Solving the cost issue would more than cover the cost of proving healthcare for all and would also significantly reduce the out of balance national budget deficit. One solution to improve, if not solve, two problems.

Let’s Make America Great Again

Let’s Make America Great Again

There is nothing wrong with this slogan, but agreement on what this really means is in question. It seems that the intended meaning is to restrict immigration, company deregulation, reverse Roe v. Wade, shift more income and wealth to the top 1%, alienate our former allies, reverse our trend of “free trade” and provide support to the cause of “white” separatists.

I am not being critical, just stating the facts. Many folks completely support the aforementioned agenda which is their right. However, when I last checked, we still have a fairly democratic system and the majority do not support most of these actions.

Reliable data supports the following shortcomings in our country, if pursued, have the potential to “make America great again”:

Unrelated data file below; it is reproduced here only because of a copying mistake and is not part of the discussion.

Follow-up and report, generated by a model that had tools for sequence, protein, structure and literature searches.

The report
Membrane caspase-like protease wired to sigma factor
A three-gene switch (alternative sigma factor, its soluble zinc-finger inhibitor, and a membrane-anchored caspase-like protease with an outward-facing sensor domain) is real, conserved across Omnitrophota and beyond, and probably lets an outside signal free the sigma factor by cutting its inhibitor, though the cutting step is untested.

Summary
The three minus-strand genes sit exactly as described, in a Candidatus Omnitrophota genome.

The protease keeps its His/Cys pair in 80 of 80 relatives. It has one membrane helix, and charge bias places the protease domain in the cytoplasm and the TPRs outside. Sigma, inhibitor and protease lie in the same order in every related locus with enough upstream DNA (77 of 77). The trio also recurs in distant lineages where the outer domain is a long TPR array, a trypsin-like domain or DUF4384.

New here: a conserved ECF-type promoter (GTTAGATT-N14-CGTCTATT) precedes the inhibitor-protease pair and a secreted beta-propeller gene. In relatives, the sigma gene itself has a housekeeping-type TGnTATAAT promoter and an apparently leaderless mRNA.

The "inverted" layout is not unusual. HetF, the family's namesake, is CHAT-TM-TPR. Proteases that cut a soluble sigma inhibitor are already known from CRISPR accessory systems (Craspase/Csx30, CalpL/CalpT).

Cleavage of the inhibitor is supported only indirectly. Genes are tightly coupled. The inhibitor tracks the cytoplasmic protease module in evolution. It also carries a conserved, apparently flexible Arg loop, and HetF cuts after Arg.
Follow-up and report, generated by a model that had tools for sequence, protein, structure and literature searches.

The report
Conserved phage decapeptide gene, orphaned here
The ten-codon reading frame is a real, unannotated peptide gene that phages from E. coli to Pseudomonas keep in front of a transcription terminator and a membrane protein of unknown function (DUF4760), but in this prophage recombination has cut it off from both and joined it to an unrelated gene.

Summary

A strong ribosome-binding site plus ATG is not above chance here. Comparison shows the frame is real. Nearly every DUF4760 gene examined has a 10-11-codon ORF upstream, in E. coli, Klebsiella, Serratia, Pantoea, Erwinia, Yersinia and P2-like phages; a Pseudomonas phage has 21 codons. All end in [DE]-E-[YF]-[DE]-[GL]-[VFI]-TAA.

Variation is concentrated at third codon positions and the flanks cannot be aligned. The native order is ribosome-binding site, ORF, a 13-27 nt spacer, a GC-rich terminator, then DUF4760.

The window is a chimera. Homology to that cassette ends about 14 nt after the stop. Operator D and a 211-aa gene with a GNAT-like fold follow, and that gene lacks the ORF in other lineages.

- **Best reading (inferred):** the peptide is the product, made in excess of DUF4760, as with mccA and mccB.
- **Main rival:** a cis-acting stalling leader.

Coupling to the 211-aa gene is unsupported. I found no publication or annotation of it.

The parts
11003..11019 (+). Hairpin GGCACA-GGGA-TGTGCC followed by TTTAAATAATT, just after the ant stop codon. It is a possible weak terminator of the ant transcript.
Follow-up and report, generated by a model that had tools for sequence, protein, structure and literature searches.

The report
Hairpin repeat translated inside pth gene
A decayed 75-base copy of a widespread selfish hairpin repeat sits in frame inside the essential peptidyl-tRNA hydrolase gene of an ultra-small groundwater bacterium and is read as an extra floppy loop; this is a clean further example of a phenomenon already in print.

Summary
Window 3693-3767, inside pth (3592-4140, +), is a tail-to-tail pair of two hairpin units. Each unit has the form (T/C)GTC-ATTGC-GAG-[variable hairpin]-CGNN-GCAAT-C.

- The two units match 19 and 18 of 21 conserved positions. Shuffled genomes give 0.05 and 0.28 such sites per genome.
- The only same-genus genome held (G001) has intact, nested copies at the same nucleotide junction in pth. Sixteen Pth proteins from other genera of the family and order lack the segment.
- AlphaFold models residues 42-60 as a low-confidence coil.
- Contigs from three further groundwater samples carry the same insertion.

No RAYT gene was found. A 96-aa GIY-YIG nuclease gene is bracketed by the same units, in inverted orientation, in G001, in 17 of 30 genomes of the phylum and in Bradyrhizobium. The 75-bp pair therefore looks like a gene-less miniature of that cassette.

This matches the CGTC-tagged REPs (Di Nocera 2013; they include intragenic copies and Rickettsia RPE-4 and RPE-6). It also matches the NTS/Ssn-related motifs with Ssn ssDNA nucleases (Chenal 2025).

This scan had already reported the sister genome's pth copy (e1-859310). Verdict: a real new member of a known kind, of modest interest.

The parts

1. Quality, cost & availability of Healthcare (We have by far the highest per capita cost and rank 37th in quality of care. At the same time many citizens are not covered0
    1. An equitable living wage (income disparity and the lack of wage improvement)
    1. Climate change (mortgaging future generations for immediate gratification)
    1. The national debt (again we are mortgaging future generations for immediate gratification)
    1. Infrastructure (repair & upgrades)
    1. Comprehensive and effective immigration reform

The above is not a comprehensive list, but I contend that if we pursue them and enact reasonable legislation, we will be moving in a direction of improving our “greatness”.